Do you all remember how I mentioned that there was a charity thrift shop just 50 metres down the road from my new house? Well, I finally caved and bought something. It's been one month since we moved and this is the first item of clothing I've bought in that whole time, so I think I'm doing pretty well. Even though it was quite ridiculously priced for a charity store ($10! Sydney op-shops, what are you doing??) I had to buy it because it's so dang cute. I can never walk past a good heart-print, after all, and the collar detail reminded me of Christine's Lady Ties, which I always love the look of.
By the way, I just wanted to mention that reading all your comments the other morning on my last post made me so happy. Obsessively checking your emails every morning before you're even out of bed isn't always the best idea, but the other morning it put me in the best mood. Thank you to everyone who leaves me thoughtful comments - and thank you for reading, even if you don't!
dress - Thrifted
bag - Thrifted
belt - Thrifted
shoes - c/o Yes Walker
socks - Cotton On
hat - c/o Wholesale
Yesterday in my lab session at university, we extracted our own DNA (for sequencing, to see how things like forensic analysis and paternity/maternity tests work). But while extracting DNA sounds super sciencey and complicated (and impressive - when I was telling my friends about how I was extracting and sequencing DNA this week their reaction was always to go "wow! Awesome!"), it is actually something that you can do yourself with a blender, salt, pineapple juice and alcohol.
1. Figure out what you want to use as a source of DNA. You can get your DNA from anything living - but you might want to use fruit, vegetables or parts of a plant for this experiment, because you'll need to blend up the cells and so using animals would be just a little bit unethical (okay, so I said above that I extracted my own DNA, and I did do this without chopping myself up, but this is a little bit harder - we took cheek swabs and then had to centrifuge everything for about a million hours, so if you don't have your own bench-top centrifuge, then use strawberries or something instead).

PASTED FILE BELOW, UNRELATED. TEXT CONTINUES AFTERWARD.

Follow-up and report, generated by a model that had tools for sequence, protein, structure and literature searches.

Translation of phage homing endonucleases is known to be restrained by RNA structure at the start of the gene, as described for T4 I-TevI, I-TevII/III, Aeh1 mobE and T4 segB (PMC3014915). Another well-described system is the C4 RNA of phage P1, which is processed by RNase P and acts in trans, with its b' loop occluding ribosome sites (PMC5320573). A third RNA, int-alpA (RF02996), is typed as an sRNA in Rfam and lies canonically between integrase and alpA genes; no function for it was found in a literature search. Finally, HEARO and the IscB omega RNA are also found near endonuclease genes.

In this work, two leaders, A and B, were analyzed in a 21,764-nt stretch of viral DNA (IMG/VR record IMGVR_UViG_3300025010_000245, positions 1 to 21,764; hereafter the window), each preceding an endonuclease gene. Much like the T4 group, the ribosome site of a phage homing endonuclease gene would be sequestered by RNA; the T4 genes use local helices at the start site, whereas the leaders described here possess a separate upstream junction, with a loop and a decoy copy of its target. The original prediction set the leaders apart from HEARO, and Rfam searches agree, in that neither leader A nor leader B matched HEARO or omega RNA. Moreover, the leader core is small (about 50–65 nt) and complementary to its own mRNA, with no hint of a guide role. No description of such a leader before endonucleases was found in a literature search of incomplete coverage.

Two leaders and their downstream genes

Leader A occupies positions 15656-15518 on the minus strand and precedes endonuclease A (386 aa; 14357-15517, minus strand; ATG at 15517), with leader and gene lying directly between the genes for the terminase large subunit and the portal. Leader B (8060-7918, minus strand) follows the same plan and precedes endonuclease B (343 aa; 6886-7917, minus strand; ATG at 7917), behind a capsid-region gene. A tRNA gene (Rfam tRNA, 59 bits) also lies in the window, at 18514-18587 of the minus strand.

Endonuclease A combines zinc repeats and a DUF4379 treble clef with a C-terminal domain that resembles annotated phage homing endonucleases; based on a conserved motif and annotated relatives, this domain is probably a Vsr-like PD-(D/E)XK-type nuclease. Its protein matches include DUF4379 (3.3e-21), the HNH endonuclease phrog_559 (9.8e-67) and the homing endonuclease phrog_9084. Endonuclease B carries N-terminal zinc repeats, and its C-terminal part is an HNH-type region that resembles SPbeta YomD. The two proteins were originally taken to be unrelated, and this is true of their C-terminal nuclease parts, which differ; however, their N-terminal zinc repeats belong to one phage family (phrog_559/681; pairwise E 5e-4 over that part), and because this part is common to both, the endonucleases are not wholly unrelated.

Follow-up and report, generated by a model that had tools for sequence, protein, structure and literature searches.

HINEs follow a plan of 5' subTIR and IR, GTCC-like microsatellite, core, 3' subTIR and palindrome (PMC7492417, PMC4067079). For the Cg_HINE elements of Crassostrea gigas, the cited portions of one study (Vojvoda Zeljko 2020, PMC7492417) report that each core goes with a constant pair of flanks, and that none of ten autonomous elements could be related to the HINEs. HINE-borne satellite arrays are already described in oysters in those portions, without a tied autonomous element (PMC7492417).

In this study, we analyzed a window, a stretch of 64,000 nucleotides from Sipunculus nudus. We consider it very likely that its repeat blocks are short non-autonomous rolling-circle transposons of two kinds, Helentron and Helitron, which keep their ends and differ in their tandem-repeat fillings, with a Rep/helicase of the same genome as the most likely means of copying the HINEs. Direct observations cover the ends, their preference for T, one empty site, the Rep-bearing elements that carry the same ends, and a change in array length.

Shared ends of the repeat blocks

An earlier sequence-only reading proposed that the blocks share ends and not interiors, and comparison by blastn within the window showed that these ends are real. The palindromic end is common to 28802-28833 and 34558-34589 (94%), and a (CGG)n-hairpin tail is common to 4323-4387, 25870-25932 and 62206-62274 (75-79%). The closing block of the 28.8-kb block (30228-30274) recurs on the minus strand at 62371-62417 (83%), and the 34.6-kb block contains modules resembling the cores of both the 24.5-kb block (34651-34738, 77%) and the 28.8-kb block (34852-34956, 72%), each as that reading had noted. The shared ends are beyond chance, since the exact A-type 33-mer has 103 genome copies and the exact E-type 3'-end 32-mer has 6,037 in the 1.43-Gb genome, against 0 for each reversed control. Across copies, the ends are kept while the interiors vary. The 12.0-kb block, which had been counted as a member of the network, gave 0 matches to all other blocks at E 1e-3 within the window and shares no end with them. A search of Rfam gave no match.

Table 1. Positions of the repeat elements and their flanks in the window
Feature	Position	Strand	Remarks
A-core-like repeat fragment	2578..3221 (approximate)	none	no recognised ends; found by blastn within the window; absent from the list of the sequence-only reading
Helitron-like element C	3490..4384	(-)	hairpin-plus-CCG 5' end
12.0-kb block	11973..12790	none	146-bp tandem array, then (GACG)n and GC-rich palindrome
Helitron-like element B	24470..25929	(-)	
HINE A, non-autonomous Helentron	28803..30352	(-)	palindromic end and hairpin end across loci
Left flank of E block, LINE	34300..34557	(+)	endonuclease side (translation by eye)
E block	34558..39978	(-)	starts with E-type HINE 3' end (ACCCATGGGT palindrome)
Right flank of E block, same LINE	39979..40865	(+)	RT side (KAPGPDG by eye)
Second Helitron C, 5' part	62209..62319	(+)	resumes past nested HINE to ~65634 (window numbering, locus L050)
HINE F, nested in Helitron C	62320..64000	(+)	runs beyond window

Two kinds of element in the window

2. Blend it up so it becomes a paste (blend on high for 15 seconds). This breaks open (lyses) many of the cells. Also add a pinch of salt.
3. Add detergent. This will lyse the cells further and also break open the cell's nucleus, which is where the DNA lives.
4. This step is not necessary if you just want to extract and look at DNA, and not do any further measurements with it (like spectrophotometry). But if you have it available, add some pineapple juice to your mixture. Pineapple juice contains an enzyme called bromelain that eats proteins. You need to add this to remove proteins from your solution - because cells are also full of proteins, and when you break open your cell, a whole bunch of proteins will come flowing out. And if you remove the proteins, the stuff you extract will be more "pure" DNA.
5. Add vodka/rubbing alcohol/anything with a high ethanol content. Carefully add the alcohol to the top of your mix. DNA does not dissolve in alcohol, so if you add enough it will "precipitate" out of the solution. Stringy white shapes should appear in your solution. This is strands of DNA! (Yes, you can see it!) You can then put a straw or skewer into the solution, twirl it and pull it out. The DNA you have extracted will look a lot like mucous or snot ;)
And that's how you extract DNA at home! You don't even need any fancy lab equipment. Pretty easy, huh?
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